If Israel killed Arafat or sent him into exile, nothing would change. It seems almost absurd to have to point out that forcing millions of people to live for decades under hostile military rule with no end in sight inevitably produces violent resistance. Only a mind-set that steadfastly refuses to recognize this can become captivated by a lone figure whose real and imagined failings become a smoke screen that obscures the machinery that actually drives the conflict.
If Israel truly seeks the moral highground it invokes in the international arena, it should stop seeking a relative highground whose only elevation stems from the weakness and failings of its historical enemies. Rather Israel should address the most obvious things it does to perpetuate the conflict.
The bottom line is that the single most identifiable factor that perpetuates the Israeli-Palestinian conflict in all its forms, both legitimate and illegitimate, is the Israeli military occupation that exists to protect the continuing Israeli colonisation of the Gaza Strip and West Bank, including Jerusalem.
Comparisons of Arafat with Bin Laden serve to legitimise Israel’s continuing repression of the Palestinians and bear no reality to the dynamics that fuel this particular conflict, dynamics that Israel has played no small part in creating.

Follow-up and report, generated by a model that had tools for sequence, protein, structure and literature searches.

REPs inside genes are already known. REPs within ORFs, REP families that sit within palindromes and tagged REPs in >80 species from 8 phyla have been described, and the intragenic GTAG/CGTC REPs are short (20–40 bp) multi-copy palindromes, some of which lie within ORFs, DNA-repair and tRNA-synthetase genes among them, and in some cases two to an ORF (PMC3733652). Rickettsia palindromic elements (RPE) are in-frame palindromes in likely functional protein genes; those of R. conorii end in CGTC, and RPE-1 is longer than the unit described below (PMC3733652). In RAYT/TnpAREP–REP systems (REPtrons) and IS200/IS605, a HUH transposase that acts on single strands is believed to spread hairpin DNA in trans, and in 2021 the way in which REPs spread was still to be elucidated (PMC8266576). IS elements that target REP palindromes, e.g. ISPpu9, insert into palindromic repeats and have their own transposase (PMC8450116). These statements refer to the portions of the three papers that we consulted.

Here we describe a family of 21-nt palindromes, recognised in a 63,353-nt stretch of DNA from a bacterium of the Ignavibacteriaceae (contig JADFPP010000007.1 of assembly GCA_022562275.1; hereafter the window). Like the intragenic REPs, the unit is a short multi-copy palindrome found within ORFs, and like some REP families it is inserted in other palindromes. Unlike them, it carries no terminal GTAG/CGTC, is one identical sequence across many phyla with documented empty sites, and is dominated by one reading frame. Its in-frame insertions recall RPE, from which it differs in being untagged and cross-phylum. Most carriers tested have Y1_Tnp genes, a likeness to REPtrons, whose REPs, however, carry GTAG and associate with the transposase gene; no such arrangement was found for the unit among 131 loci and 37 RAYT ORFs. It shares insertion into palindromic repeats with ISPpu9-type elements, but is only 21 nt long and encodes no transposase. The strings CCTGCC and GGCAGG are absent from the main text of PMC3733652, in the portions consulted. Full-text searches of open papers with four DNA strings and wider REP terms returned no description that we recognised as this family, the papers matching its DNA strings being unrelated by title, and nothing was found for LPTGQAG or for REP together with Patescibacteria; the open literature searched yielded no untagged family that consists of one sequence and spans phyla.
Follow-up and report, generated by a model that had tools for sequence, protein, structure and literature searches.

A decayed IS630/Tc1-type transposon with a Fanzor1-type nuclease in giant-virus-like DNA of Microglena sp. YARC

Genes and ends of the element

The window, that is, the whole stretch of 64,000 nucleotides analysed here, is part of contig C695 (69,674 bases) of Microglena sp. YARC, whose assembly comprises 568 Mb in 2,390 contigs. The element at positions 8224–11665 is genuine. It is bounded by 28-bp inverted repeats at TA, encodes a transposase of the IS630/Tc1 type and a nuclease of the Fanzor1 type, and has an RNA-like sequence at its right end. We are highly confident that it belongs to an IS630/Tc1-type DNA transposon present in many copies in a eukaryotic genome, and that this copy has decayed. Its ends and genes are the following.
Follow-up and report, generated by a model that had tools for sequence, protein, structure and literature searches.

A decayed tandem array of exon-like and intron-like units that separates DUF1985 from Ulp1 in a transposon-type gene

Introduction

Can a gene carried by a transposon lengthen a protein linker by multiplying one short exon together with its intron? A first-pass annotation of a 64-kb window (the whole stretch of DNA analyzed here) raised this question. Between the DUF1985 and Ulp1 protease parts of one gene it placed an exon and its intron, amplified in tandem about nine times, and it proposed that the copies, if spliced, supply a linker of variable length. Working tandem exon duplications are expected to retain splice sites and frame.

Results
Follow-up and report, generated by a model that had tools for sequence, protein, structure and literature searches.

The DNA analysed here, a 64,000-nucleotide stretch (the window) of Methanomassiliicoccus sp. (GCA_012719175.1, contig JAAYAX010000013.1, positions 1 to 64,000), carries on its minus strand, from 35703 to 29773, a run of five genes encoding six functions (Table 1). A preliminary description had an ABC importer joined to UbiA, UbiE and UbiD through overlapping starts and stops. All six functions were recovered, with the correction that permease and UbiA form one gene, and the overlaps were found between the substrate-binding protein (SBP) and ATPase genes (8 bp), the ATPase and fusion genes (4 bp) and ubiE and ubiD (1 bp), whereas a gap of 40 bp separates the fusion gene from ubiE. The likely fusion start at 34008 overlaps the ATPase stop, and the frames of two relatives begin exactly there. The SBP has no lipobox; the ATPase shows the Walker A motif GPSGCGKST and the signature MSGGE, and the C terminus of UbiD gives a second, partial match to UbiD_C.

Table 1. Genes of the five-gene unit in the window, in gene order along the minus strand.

5. Israel’s killing of civilians is a form of terrorism. The United States’ tacit support of Israel’s so-called “retaliation” is U.S. support for terrorism. Although Israeli officials are occasionally noted on record “apologising” for the latest “accidental” death of a child, there comes a point — after a year in which one quarter of the 800 Palestinians killed were children and 50 percent of these children were killed far away from clashes — that it becomes imperative to note that Israel could always simply stopping killing children, instead of merely apologising for it.
Israel’s nightly shelling of Palestinian neighbourhoods has accounted for one quarter of the 800 Palestinians killed during the first year of the Second Intifada. Israel’s regular killing of innocent civilians including children as a “by-product” of its ironically titled “targeted killings” of Palestinian activists — most commonly with rockets fired from combat helicopters at these leader’s vehicles while in city streets — offer more examples of the indiscriminate violence that characterises ‘terrorism’ as most people understand the word.
Following a series of suicide bomb attacks in February/March 1996, then Israeli President Weizmann bluntly described Israel’s practice of using closure to turn Palestinian towns into prisons for the entire population: “Sometimes, when you are searching for a needle in a haystack, you have to burn the haystack.”
Israel has been tacitly encouraged to carry out similar “retaliation”, as in the case of the December 2001 bombings, by the knowledge that the United States would not condemn it. America must refrain from “understanding” Israel’s violence. This can only have the effect of encouraging the continued Israeli killing of innocent Palestinian civilians.